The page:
Sailing The Dream
Greece, Preveza - checking in and out
The first time we arrived in Greece we chose Preveza on the west coast as our port of entry and then again as our port of exit on our second visit to this beautiful country.
When we arrived Preveza, that first time, we had been caught in a massive thunderstorm just a few hours before arrival and while sailing from Sicily so we were a bit tired and still on edge.
The entrance channel to Preveza felt awkwardly narrow after having spent a bit more than two days at sea, the view of Cleopatra, Ionion and Aktio boatyards full of yachts waiting to be splashed for the season was impressive. Across from the boatyards, the town quay with only a few yachts tied alongside didn’t seem to offer much protection from the weather so we preferred to find our place in the anchorage behind the newly built marina. We had received good input from a fellow Aussie that had been at anchor there for a few days.
It was the nicest welcome we had ever received up to that time when arriving at an anchorage, within a few minutes Tim and then his girlfriend would be in our cockpit sharing some beers and advice.
It was Friday afternoon and too late to go find the authorities to do our check-in formalities, so we put our feet up grabbed a drink and waited for the following morning.
Saturday morning with our new friend's pointers we made our way to the town to find the Port Police, what we had not expected was to find them to be closed for the weekend. We then went to the Customs office but that too was closed.
At least we didn’t need to worry about immigration because we had already checked into the Schengen zone in Siracusa.
We would have to wait for Monday but until then we could indulge in Greek savoury pastries for the weekend.
Monday morning we went first to Customs office, the guy that started preparing our Transit Log seemed to be inexperienced with the procedure and by the time the lady who we would later deal with every other time we visited the office arrived we were well into filling in all the forms. She took over the process and when she realised we had not yet visited Port Police she gave a bit of lecture to her colleague. Papers concluded and she shooshed us out of the office straight to the Port Police to stamp the Transit Log and with precise instructions to have Port Police to fax her the crew list and for them to attach it to the Transit Log.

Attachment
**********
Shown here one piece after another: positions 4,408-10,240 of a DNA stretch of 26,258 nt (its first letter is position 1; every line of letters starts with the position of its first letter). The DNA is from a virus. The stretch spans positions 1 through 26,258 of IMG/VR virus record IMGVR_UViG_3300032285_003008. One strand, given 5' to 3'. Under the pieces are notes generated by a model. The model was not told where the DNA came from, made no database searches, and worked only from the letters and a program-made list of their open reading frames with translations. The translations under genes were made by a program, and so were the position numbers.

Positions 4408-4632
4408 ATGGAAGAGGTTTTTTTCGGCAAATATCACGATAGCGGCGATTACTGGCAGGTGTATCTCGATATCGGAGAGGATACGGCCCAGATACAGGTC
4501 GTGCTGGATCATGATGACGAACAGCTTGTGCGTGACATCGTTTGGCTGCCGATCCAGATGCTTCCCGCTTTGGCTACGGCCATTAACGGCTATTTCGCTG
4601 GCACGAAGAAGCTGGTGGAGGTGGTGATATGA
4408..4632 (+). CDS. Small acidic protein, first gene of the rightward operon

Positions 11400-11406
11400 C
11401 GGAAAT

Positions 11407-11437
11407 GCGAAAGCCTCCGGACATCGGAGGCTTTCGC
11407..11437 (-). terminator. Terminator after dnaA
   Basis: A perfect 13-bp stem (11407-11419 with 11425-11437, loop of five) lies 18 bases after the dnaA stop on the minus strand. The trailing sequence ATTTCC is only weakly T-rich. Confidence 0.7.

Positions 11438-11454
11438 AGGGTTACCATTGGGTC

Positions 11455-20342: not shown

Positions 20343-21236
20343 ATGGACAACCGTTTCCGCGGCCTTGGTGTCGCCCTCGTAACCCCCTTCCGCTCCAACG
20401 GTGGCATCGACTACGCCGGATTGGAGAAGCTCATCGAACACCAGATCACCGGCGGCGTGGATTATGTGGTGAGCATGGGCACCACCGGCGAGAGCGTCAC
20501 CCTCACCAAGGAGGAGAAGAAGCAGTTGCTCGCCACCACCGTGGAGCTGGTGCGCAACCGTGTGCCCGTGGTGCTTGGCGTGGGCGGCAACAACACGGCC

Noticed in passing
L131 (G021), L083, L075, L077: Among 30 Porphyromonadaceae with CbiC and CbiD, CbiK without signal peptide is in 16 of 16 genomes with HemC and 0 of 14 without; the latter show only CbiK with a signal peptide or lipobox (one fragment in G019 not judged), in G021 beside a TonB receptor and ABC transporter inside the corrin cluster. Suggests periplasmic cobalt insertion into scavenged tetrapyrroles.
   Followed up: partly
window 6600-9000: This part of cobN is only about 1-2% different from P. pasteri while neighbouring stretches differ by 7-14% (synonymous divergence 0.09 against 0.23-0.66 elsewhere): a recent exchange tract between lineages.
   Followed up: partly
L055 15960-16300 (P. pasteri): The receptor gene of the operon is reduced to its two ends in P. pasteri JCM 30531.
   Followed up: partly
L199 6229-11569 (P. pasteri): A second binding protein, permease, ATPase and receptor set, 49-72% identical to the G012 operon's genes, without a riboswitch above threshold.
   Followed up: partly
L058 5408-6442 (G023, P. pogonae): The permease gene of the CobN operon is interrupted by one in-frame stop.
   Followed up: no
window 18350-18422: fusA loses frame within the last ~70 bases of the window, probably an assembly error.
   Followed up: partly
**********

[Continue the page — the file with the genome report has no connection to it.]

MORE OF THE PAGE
We should also return once the new cruising tax the TEPAI was rolled out. In the meantime, the first guy tried to explain to us that John could be stamped on the Transit Log instead of the passport...
We rushed to the Port Police, the Customs lady was not in a great mood when we had left so we didn’t want to jinx the next step of our entry formalities.
We got to the Port Police office and got all things sorted in no time, the official on duty, however, was not in a good mood by this time but stamped us in and out of the Transit Log after asking us when were we living Preveza to our next Port.
He had absolutely no interest in us returning there to stamp out days later.
It was early April and for the next few weeks we wouldn’t see many other boats on the water, it was still too early in the season.
By mid-October, we would be back in Preveza to check out of Greece, before heading back to Siracusa in Sicily and then Tunisia for the winter, after having spent most of the season sailing in the Adriatic Sea.
This was the second time visiting Greece and this was the most convenient port for us to depart.
Knowing exactly where to go and their working hours made life easy on checkout.
A couple of minutes in the Port Police office getting the necessary stamps on the Transit Log and then a few more minutes returning the Transit Log to Customs and we were ready to leave.
***In the spirit of sharing our dreams and experiences we have shared this blog post in the NOFOREIGNLAND.COM website sailors community. In this post you can find information regarding check in and out procedures with location for the Port Police and Customs.